Date and location

Sunday, Aug 11 | 7 PMET/4 PMPT

Scotiabank Arena
Toronto, ON

Where to watch

Get the WWE Network

When to watch

Sunday, Aug 11 | 7 PMET/4 PMPT

Seth Rollins def. Brock Lesnar to become the new Universal Champion

Seth Rollins def. Brock Lesnar to become the new Universal Champion

TORONTO — He did it again. With battered ribs, half-crushed hopes and seemingly no chance to his name, Seth Rollins defeated Brock Lesnar for the second time to once again snatch the Universal Title from The Beast’s greedy clutches, marking one of the all-time most rousing conclusions to a SummerSlam.

Seth Rollins counters Brock Lesnar and unleashes on The Beast: SummerSlam 2019 (WWE Network Exclusive)

Seth Rollins pulls out all the stops against Universal Champion Brock Lesnar at SummerSlam 2019. Courtesy of WWE Network.

As if to underscore the grittiness of the victory, Rollins didn’t even resort to the low blows he needed to slay The Conqueror at WrestleMania, instead operating on pure adrenaline that seemed to kick in when he found a narrow opening at the start of the match and drilling the unsuspecting champion with a Stomp. That maneuver only got him two, but it boosted Rollins’ confidence into hyperdrive. From there, the challenger blasted the champion with superkicks and suicide dives while The Beast grew purple-faced with frustration that this irksome fly wouldn’t stay swatted.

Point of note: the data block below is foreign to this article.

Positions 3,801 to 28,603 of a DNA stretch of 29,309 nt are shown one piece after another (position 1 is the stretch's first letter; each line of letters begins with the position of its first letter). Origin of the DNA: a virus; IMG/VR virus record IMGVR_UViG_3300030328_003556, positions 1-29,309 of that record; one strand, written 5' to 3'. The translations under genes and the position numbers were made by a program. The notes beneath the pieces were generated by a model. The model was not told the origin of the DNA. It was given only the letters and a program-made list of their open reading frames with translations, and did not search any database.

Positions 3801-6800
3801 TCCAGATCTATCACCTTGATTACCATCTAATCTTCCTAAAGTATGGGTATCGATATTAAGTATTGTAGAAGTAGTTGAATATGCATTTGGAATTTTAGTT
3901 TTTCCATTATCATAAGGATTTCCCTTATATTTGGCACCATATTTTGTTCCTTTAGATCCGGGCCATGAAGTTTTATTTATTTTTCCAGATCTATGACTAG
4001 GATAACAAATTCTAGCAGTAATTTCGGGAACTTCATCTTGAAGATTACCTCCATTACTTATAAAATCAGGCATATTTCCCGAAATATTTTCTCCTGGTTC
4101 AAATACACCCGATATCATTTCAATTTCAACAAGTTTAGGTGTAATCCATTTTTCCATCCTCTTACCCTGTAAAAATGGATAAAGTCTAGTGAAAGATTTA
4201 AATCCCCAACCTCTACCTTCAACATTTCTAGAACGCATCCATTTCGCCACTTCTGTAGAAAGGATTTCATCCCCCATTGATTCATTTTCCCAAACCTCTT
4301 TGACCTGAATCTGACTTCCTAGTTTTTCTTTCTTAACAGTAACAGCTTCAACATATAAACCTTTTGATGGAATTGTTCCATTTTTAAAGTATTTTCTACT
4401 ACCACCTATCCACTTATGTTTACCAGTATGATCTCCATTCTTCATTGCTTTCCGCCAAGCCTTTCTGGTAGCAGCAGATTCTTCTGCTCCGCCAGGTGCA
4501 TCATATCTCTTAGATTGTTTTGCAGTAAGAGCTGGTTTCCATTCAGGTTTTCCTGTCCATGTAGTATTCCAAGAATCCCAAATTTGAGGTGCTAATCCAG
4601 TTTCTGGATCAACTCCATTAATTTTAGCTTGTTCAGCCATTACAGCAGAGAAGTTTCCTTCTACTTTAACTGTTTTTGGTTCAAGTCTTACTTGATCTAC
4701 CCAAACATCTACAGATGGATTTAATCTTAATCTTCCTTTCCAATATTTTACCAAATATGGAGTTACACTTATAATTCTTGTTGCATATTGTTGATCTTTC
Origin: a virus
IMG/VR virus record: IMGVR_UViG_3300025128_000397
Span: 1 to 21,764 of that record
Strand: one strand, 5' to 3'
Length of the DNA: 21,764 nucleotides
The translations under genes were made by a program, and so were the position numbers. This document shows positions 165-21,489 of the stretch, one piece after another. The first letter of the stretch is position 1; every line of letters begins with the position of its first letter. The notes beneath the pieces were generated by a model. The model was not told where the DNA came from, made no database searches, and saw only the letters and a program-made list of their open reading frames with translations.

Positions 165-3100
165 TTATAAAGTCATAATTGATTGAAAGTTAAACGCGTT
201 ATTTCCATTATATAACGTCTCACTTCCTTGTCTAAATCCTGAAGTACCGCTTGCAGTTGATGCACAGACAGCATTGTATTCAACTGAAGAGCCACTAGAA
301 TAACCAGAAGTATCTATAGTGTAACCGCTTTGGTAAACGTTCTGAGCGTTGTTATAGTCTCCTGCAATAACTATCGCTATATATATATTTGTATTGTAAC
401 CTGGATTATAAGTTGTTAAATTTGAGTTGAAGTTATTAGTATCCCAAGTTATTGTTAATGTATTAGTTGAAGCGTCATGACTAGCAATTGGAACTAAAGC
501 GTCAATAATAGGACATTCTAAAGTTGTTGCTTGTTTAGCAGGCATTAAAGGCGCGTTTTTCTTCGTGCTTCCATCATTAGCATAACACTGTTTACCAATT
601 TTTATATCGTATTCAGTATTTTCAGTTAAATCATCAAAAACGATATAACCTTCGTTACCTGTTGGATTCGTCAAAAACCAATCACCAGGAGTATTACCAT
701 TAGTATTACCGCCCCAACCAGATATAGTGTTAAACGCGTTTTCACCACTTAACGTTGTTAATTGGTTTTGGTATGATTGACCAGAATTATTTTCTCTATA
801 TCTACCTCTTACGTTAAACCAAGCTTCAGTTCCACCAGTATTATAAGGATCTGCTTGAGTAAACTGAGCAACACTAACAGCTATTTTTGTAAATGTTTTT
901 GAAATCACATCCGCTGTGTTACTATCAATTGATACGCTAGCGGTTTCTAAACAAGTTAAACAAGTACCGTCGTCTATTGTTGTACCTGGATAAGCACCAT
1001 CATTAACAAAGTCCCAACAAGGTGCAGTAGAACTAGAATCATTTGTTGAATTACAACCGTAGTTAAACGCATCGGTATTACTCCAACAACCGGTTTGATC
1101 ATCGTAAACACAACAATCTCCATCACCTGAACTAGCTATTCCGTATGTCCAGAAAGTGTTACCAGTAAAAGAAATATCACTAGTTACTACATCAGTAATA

Lesnar, of course, gave as good as he got. It was only a matter of time before Rollins went to Suplex City or found himself swept up in an F-5, but the champion’s desire to make an example of his defiant challenger undoubtedly cost him down the stretch. After planting Rollins with his signature move, Lesnar made the cover and instead swung Rollins around by his bandages like a piece of luggage — an awesome visual, but definitely an indulgence Paul Heyman probably wishes his client had avoided.

By the time Lesnar decided he’d had enough, Rollins had seemingly made the decision that he simply would not stay down. When the champion prepared an announce table for smashing on Heyman’s urging, Rollins instead struck with a superkick, splaying The Beast out in preparation for a jaw-dropping Frog Splash that reduced the table to splinters. Rollins followed up with a second Frog Splash in the ring and a second Stomp that only netted two. And when Lesnar hoisted Rollins up for an F-5 that was a lot more last-ditch than it perhaps seemed, the challenger evaded the maneuver, landed a superkick to bring Lesnar to his knees and administered a third and final Stomp to earn the three-count.

The closing images of SummerSlam were polar opposites for champion and challenger. Rollins was teary-eyed in the ring as he held close the title he’d risked body and soul to regain. Lesnar, meanwhile, all but vanished from view, having suffered a spoiler he didn’t see coming. And the match that was supposed to reflect Lesnar’s enduring dominance instead highlighted his and Heyman’s fundamental misunderstanding of what makes Seth Rollins run. If Lesnar really wanted him gone, he shouldn’t have broken his ribs; he should have ripped out his heart.